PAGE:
If you would like to learn more about bullying statistics, contact Simple Acts of Care and Kindness at 866-459-7225 or visit www.simpleacts.org for additional information.

The ABCs of a Bully | Corona, CA

When it comes to bullies, there is a general personality type we can look for. But how does it begin? After all, babies aren’t born bullies – it is a reaction to the environment they are surrounded by. Children who bully use their power to hurt others, and are often hot-tempered, inflexible, rebellious, and often lack empathy. Let’s trace this behavior back to the beginning…

It may seem young, but in preschool years, bullies often use direct verbal bullying and physical power to control material objects or territory because they may not have the skills necessary to interact in socially appropriate ways.

In the elementary school years, bullies are more inclined to use threats and physical force to make victims do things that they do not want to do. During this time period, some children may begin to use indirect bullying to exclude peers from their social circle and activities.

In the middle and high school years, it is all about fitting in so bullies rely on direct verbal and physical bullying. Rumor-spreading and social exclusion through the use of the Internet or cell phone are also the latest trend. Boys rely on bullying for physical dominance, girls to enhance their social status.

Bullies fail to develop the social skills necessary for sharing, reciprocating, empathizing, and negotiating – key necessities to having healthy relationships, and as they mature into adulthood, children who have bullied others often show higher rates of:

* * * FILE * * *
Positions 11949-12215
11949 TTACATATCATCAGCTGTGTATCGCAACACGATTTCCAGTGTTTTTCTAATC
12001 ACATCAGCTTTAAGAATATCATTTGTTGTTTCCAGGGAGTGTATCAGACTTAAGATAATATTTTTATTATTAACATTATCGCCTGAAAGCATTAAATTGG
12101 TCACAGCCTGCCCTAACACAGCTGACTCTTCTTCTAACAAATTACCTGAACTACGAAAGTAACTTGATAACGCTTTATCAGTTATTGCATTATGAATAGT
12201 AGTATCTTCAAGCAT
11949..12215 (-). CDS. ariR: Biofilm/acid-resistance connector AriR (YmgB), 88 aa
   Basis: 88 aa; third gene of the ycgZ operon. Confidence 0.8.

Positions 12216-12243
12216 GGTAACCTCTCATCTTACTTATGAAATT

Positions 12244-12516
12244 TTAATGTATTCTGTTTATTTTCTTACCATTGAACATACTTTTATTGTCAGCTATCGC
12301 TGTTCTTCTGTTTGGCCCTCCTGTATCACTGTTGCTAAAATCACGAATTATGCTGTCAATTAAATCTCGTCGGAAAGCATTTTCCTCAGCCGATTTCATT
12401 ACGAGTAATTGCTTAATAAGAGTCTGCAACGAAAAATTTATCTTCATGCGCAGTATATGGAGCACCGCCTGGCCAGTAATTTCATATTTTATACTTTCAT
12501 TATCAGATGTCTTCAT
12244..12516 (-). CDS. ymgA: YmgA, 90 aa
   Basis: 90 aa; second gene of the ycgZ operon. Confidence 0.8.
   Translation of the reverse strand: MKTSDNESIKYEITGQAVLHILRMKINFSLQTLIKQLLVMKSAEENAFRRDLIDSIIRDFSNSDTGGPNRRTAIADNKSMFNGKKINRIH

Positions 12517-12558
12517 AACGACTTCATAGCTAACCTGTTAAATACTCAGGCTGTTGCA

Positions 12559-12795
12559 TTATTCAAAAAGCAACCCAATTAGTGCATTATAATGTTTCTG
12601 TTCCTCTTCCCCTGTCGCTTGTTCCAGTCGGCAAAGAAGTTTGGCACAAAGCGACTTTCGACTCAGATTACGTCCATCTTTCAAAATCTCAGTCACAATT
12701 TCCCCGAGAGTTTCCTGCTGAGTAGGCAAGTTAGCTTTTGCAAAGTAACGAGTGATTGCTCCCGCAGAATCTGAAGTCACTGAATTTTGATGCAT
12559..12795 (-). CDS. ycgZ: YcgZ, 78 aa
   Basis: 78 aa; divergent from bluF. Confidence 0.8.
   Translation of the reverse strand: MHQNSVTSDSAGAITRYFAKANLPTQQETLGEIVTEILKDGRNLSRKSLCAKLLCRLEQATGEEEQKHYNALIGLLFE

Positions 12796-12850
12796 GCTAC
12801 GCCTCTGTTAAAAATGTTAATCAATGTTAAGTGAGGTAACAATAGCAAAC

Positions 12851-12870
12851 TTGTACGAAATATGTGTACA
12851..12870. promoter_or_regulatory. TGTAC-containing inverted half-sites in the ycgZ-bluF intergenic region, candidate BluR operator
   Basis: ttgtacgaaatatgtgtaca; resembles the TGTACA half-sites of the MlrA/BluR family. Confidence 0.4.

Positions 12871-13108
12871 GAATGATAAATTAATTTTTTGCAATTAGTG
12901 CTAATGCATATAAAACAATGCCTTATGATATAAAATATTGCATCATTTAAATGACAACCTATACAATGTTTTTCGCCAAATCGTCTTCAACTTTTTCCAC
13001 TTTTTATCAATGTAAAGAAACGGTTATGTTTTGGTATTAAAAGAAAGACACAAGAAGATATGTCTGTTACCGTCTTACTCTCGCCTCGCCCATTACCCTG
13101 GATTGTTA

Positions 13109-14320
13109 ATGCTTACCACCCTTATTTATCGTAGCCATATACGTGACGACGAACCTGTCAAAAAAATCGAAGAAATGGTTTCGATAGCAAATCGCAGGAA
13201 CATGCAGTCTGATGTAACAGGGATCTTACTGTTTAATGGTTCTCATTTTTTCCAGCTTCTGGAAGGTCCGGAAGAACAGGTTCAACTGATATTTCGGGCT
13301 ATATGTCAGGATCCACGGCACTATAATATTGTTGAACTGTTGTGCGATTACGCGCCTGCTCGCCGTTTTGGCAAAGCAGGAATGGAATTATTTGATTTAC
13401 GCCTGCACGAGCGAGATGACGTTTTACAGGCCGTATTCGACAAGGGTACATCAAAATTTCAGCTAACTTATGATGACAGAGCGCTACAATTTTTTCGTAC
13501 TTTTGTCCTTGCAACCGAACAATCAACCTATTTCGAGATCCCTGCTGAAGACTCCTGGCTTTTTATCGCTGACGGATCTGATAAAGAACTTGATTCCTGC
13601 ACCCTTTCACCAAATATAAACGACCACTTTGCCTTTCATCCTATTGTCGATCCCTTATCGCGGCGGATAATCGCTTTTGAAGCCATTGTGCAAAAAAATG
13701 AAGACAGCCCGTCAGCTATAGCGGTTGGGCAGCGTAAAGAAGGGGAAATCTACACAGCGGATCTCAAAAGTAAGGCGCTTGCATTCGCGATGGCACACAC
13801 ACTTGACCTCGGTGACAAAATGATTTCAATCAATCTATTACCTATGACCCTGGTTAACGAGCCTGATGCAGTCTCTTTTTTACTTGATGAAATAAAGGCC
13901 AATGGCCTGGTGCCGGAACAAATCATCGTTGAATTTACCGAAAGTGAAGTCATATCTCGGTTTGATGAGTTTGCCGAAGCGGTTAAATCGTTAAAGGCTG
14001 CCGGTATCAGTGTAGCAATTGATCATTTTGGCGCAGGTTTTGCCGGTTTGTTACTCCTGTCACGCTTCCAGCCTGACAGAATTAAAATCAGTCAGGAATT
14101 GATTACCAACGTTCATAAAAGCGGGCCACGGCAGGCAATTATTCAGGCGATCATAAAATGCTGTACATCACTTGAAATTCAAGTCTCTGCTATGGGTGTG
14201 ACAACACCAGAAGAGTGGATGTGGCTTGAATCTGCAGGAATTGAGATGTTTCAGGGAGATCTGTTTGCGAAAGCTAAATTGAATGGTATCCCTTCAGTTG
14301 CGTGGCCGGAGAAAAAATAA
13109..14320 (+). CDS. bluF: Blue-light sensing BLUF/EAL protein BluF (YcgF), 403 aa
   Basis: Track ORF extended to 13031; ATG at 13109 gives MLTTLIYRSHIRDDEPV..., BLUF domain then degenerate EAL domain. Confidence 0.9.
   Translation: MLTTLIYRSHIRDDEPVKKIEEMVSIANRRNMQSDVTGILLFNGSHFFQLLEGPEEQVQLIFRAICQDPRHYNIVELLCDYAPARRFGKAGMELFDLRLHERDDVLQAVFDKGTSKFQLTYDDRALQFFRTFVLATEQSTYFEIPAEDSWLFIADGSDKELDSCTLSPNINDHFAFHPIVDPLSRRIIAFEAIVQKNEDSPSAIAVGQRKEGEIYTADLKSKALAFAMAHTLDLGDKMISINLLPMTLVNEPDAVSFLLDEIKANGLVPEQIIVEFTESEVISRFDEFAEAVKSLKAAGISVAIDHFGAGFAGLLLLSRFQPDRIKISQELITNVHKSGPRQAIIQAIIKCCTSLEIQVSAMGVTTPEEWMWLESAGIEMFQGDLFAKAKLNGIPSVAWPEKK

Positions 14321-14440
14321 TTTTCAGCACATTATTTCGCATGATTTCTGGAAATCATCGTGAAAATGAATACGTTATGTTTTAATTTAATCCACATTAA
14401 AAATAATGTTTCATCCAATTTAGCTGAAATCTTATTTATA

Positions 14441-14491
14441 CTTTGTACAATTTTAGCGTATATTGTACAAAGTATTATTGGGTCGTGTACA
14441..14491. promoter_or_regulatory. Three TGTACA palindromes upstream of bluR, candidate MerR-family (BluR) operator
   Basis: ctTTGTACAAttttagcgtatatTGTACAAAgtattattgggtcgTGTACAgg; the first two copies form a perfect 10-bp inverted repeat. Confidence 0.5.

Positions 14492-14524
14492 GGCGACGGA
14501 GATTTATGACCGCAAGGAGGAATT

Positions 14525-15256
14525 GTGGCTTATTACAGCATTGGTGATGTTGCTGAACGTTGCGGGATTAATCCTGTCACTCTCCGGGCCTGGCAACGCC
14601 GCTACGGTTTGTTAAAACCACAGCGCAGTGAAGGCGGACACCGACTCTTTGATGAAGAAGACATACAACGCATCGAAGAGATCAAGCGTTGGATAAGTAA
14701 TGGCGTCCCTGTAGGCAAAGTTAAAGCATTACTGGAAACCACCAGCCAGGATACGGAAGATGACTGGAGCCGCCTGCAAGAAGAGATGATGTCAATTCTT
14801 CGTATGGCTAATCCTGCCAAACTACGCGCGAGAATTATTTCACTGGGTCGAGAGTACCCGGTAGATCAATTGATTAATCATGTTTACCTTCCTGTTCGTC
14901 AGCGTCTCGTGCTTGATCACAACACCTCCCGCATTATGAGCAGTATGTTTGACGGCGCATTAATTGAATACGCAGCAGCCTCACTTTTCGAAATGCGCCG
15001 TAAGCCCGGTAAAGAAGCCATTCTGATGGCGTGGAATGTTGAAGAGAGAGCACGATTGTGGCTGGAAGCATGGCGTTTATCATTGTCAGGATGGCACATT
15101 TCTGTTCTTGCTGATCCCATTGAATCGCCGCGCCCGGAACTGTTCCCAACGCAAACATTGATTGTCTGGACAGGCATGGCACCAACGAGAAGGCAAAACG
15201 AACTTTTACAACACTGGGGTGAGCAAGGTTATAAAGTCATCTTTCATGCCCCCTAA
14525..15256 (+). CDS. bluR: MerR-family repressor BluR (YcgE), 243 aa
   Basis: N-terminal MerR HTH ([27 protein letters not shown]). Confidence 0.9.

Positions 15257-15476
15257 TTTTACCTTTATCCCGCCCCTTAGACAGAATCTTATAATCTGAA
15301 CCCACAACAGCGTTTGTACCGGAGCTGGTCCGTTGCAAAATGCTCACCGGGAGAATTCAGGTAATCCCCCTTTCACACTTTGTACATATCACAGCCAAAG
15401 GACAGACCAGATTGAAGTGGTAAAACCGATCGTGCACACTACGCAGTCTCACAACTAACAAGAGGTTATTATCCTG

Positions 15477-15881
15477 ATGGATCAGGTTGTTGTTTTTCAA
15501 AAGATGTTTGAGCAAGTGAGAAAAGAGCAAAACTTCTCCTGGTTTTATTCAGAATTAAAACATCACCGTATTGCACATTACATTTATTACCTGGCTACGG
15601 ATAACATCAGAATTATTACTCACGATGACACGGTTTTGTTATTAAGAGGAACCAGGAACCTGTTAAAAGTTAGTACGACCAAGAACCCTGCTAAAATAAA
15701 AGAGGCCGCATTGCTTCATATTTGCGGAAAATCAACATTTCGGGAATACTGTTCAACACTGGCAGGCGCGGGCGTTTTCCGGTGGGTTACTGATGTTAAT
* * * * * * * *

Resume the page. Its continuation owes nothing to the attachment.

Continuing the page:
• Aggression
  • Antisocial behavior
  • Carrying weapons to school
  • Dropping out
  • Crime
  • Difficulty controlling their emotions
  • Depression
  • Suicides

If bullies can change these patterns of behavior before they become habitual and entrenched, will be less likely to suffer with these devastating and long-term effects.

If you would like to learn more about personality traits of bullies, contact Simple Acts of Care and Kindness at 866-459-7225 or visit www.simpleacts.org for additional information.

Reasons Kids May Not Mention Bullying | Corona, CA

No one wants to be bullied. Growing up is hard enough as it is. Unfortunately, many times you don’t get the choice. It is estimated that an average of 160,000 students around the country stay home daily out of fear of being bullied each day. And more often than not, parents are unaware that the bullying is taking place. But why? Here are the top five reasons your child may not be mentioning that they are getting bullied:

Tattle tales. We are taught as children that no one likes a tattle tale. However, it is vitally important that children learn the difference between tattling about unimportant things and telling someone when bullying is taking place.

Retaliation. While the adult may be able to address the issue with the child doing the bullying at the time, but they aren’t always going to be around. There is nothing scarier than having a bully retaliate.

Liar, liar. Some children are skittish to tell an adult for fear of not being believed. Some will even believe that maybe they did something to bring the bullying on themselves.

No help. A majority of children believe that telling an adult does nothing to stop the bullying. Sadly, research tends to support this thought. Often kids are told to “toughen up”, or “that it is just a part of growing up”.